That was the mindset of the guards and wings of the North Carolina men’s basketball team as they scouted Garrison Mathews. And in an 84-66 win over Lipscomb in the first round of the NCAA Tournament, that’s exactly what they did.
Mathews entered the game averaging 22.1 points per game — the 12th best mark in the country and fourth best among players in the tournament. The 6-foot-5 guard set Lipscomb’s single-game scoring record with 43 points back in January.
He continued that pace in the 2018 Atlantic Sun Tournament, dropping 33 in Lipscomb’s championship game win and taking home MVP honors. Theo Pinson was coincidentally watching that same game, keeping up with former high school teammate Michael Buckland.
“I knew if he got going, it could be a long night for us,” Pinson said of Mathews.
Mathews made a highlight-reel play early on, when he picked off a Luke Maye pass in the low post and raced the other way. Kenny Williams ran back and tried to take a charge, but Mathews finished an acrobatic and-one layup over him, tossing the ball in with his right hand while nearly parallel with the Spectrum Center’s court.
From that point forward, a mix of Pinson, Williams and Brandon Robinson pestered Lipscomb’s leading scorer. Pinson blocked one of his 3-pointers, and Robinson drew an offensive foul on Mathews as he drove toward the middle and lowered his shoulder.
That foul proved much more important than expected. When Mathews recorded his second foul at the 6:37 mark, he left the court and didn’t return for the rest of the first half. In his absence, UNC went on a 12-1 run and gave itself a 43-34 halftime advantage.
"Defensively, Pinson and Williams, they played great,” said Mathews, who had five points at halftime. “It was tough to get shots off for sure.”
Entering Friday afternoon’s game, UNC (26-10) was allowing 9.7 threes per game, the worst mark in school history. At the under-16 media timeout, things looked more the same: Lipscomb was 3-5 from downtown and held a 12-9 lead. After that break, however, the 15th-seeded Bisons shot just 1-12 on threes for the rest of the half.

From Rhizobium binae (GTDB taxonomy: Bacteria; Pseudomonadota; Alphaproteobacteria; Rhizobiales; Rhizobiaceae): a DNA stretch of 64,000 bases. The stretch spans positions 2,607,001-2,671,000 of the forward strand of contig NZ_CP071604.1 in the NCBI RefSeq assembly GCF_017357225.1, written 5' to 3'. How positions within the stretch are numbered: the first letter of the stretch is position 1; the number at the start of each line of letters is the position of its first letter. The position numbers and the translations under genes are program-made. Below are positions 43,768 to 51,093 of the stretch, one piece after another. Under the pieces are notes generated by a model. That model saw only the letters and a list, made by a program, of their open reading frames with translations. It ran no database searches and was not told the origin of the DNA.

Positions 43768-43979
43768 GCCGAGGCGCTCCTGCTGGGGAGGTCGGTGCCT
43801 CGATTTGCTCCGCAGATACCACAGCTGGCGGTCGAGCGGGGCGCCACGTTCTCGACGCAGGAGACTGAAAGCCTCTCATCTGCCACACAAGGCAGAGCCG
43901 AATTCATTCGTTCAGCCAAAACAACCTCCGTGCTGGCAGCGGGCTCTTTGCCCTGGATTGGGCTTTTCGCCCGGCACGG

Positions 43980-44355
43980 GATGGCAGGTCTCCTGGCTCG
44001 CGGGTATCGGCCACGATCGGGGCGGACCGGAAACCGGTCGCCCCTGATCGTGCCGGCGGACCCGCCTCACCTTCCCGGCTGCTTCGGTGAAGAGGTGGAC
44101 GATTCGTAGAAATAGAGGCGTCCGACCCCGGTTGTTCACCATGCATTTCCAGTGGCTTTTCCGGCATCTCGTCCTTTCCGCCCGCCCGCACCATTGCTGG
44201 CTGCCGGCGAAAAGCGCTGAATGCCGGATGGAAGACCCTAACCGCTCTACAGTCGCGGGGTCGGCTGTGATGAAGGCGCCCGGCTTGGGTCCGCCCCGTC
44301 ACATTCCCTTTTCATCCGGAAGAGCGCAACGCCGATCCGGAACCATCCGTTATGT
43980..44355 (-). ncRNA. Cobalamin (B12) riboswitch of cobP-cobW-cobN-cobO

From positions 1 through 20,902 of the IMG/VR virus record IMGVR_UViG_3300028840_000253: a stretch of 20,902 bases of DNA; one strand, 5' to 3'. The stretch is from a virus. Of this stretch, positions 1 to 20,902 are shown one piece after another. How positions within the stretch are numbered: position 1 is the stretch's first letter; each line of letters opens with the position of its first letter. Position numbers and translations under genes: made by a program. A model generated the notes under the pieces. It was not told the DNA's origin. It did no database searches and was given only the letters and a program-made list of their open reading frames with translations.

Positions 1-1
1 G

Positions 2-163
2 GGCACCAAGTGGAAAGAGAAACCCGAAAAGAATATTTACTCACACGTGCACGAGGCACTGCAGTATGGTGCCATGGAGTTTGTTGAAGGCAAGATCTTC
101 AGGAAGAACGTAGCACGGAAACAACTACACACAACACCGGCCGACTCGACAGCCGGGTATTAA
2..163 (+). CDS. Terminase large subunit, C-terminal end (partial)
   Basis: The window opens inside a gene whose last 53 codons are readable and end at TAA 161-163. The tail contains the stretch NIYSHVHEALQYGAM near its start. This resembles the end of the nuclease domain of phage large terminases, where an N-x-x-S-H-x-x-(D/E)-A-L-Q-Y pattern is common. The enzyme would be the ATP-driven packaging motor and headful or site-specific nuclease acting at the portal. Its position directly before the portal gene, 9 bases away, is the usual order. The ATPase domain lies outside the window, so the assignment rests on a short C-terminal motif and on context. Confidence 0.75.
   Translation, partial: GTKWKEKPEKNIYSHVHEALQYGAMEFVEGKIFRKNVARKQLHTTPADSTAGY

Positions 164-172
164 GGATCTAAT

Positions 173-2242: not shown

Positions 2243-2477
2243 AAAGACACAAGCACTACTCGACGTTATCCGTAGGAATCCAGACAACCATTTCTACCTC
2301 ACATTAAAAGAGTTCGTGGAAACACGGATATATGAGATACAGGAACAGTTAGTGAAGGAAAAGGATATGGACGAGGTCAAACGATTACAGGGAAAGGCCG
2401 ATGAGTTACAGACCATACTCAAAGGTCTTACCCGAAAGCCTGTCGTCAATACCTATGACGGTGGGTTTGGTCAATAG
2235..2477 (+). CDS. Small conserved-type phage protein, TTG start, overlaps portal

“They started the game off hot from three; they got some good looks,” Williams said. “So once we got under control, once we settled in, we started to make it tough on them.”
In a second half that UNC dominated offensively, Mathews scored just once more. Trapped in the left corner by Pinson after picking up his dribble, he made a tough, leaning-in 3-pointer to beat the shot clock. Pinson simply laughed and shook his head after the shot went in.
Joel Berry II complimented his teammates for fighting around screens and keeping Mathews from easy looks, as well as staying down on his pump fakes. Mathews finished the game with eight points on 3-14 shooting, including just 1-7 on threes.
As a team, Lipscomb (23-10) shot 35.9 percent from the field in its first ever NCAA Tournament appearance. In terms of opponent field-goal percentage, it was UNC’s fourth best defensive game of the season. The Bisons also shot 25 percent on three pointers — the lowest percentage the Tar Heels have allowed this season.
With the win, second-seeded UNC moved to 30-1 in first-round tournament games and 34-1 in tournament games in North Carolina. Next up is No. 7 seed Texas A&M, which beat No. 10 seed Providence, 73-69, earlier on Saturday.
But until then, North Carolina can enjoy what was statistically one of its best defensive games this season.